Kahn is building up to the hotly anticipated Sotheby’s auction “The Triumph of Painting: The Steven & Ann Ames Collection,” where each of the above artists has a work for sale, although they will not be profiting from it since they don’t own the pieces. There’s terrific archival footage of the 1973 Scull auction, which changed the art world forever, where Robert Rauschenberg approaches Robert Scull after a work of his just sold for an exorbitant price and Scull embraces the artist, claiming that it was good for both of them, even though Scull is the one who pockets the cash. Kahn is ever-present in the documentary, never seen but often heard asking questions, trying to get to the bottom of the beguiling relationship between art and money in the twenty-first century, concluding with a beautiful Michael Snow–like shot that in many ways sums it all up. An HBO Documentary Films presentation, The Price of Everything opens at the Quad on October 19, with Q&As and introductions featuring Kahn, producers Jennifer Stockman, Debi Wisch, and Carla Solomon, and editor Sabine Krayenbühl taking place at select screenings through October 25. Let’s leave it to Poons to have the last word: “There are no rules about what is going to be good and what is gonna be bad. Art doesn’t give a shit. It never has.”
NYU Skirball Center for the Performing Arts and other NYU locations
566 La Guardia Pl. between Third & Fourth Sts.
October 17-28, free with advance RSVP
This past May, Karl Marx would have turned two hundred years old. The NYU Skirball Center is celebrating his bicentennial with twelve days of special free programming honoring the man who wrote, “The mode of production of material life conditions the social, political, and intellectual life process in general. It is not the consciousness of men that determines their being, but, on the contrary, their social being that determines their consciousness.” Audiences can also determine if they want to contribute to the performances based on supply and demand and their own consciousness; the events are all free with advance RSVP but donations are welcome. The “Karl Marx Festival: On Your Marx” begins October 17 at 7:30 with London-based Bulgarian performance artist Ivo Dimchev’s one-hour show, P Project, in which people from the audience will get paid by agreeing to do spur-of-the-moment things involving words that begin with the letter “P.” For example, Dimchev will present them with tasks that might involve such words as Piano, Pray, Pussy, Poetry, Poppers, etc. On October 18 at 6:00, NYU professors Erin Gray, Arun Kundnani, Michael Ralph, and Nikhil Singh will discuss “Racial Capitalism” at the Tamiment Library. On October 19 at 9:30, DJs AndrewAndrew will spin Marxist discs along with readings by special guests from Das Kapital and The Communist Manifesto.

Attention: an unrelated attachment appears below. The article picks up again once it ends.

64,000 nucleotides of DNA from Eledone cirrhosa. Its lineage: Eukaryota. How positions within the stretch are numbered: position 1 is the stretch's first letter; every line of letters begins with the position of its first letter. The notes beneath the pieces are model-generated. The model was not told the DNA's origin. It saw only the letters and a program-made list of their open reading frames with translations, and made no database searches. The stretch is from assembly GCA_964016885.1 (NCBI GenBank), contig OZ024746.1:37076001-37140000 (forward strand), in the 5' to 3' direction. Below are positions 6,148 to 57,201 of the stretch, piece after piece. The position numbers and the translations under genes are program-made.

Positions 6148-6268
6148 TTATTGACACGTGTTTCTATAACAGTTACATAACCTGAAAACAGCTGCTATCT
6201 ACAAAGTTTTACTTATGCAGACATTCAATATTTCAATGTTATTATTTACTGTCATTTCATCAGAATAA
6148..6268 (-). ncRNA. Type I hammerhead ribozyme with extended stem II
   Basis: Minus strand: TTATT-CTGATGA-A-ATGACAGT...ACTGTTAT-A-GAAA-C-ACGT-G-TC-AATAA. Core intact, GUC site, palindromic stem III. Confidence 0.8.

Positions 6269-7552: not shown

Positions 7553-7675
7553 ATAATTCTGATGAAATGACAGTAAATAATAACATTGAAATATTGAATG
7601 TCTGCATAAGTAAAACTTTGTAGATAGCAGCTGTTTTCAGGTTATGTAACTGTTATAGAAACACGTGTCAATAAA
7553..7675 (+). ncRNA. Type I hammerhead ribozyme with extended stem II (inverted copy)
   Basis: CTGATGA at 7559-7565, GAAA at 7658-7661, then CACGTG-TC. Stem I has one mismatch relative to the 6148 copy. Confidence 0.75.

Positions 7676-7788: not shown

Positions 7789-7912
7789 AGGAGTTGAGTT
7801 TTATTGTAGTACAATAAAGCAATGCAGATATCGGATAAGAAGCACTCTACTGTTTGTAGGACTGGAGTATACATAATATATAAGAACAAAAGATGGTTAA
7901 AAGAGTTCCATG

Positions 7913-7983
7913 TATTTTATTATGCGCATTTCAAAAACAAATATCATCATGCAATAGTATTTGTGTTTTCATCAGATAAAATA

On October 19 and 20 at 7:30, Brooklyn-based Uruguayan dancer and choreographer luciana achugar will present the world premiere of Brujx, which explores ideas of labor. On October 22 at 6:30, Slavoj Žižek will deliver the Skirball Talks lecture “The Fate of the Commons: A Trotskyite View.” On October 23 at 5:30, NYU professors Lisa Daily, Dean Saranillio, and Jerome Whitington will discuss “Futurity & Consumption” at the Department of Social & Cultural Analysis. On October 24 at 4:00, author Sarah Rose will talk about her 2017 book, No Right to Be Idle at the eighth floor commons at 239 Greene St. On October 25 at 5:30, luciana achugar, Julie Tolentino, and Amin Husain will join for the conversation “Labor, Aesthetics, Identity” at the Department of Performance Studies. On October 26 at 7:30, Malik Gaines, Miguel Gutierrez, Latasha N. Nevada Diggs, Ryan McNamara, Seung-Min Lee, and Alison Kizu-Blair will stage “Courtesy the Artists: Popular Revolt,” a live-sourced multimedia work directed by Alexandro Segade and Amy Ruhl. The festival concludes October 28 at 5:00 with Ethan Philbrick’s Choral Marx, a singing adaptation of Karl Marx and Friedrich Engels’s Manifesto for the Communist Party, performed by Benjamin Bath, Gelsey Bell, Sarah Chihaya, Hai-ting Chinn, Tomás Cruz, Amirtha Kidambi, Brian McQueen, Gizelxanath Rodriguez, and Ryan Tracy.
For a year, Dale Chihuly’s “Rose Crystal Tower” has stood tall on the median by the southeast corner of Union Square Park, but it’s set to come down October 5. Presented by NYC Parks, the Union Square Partnership, and the Marlborough Gallery, the thirty-one-foot-high sculpture, made of Polyvitro crystals and steel, is part of the fiftieth anniversary of the Art in the Parks program. The seventy-seven-year-old, internationally renowned, Tacoma-born Chihuly has been working with glass since the late 1960s; oddly, he was blinded in his left eye by glass in a car accident in 1976. “New York City’s energy, architecture, and rich creative history is formidable and it continues to offer infinite inspiration for artists,” Chihuly, whose “CHIHULY” exhibition was on view last year at the New York Botanical Garden, said in a statement.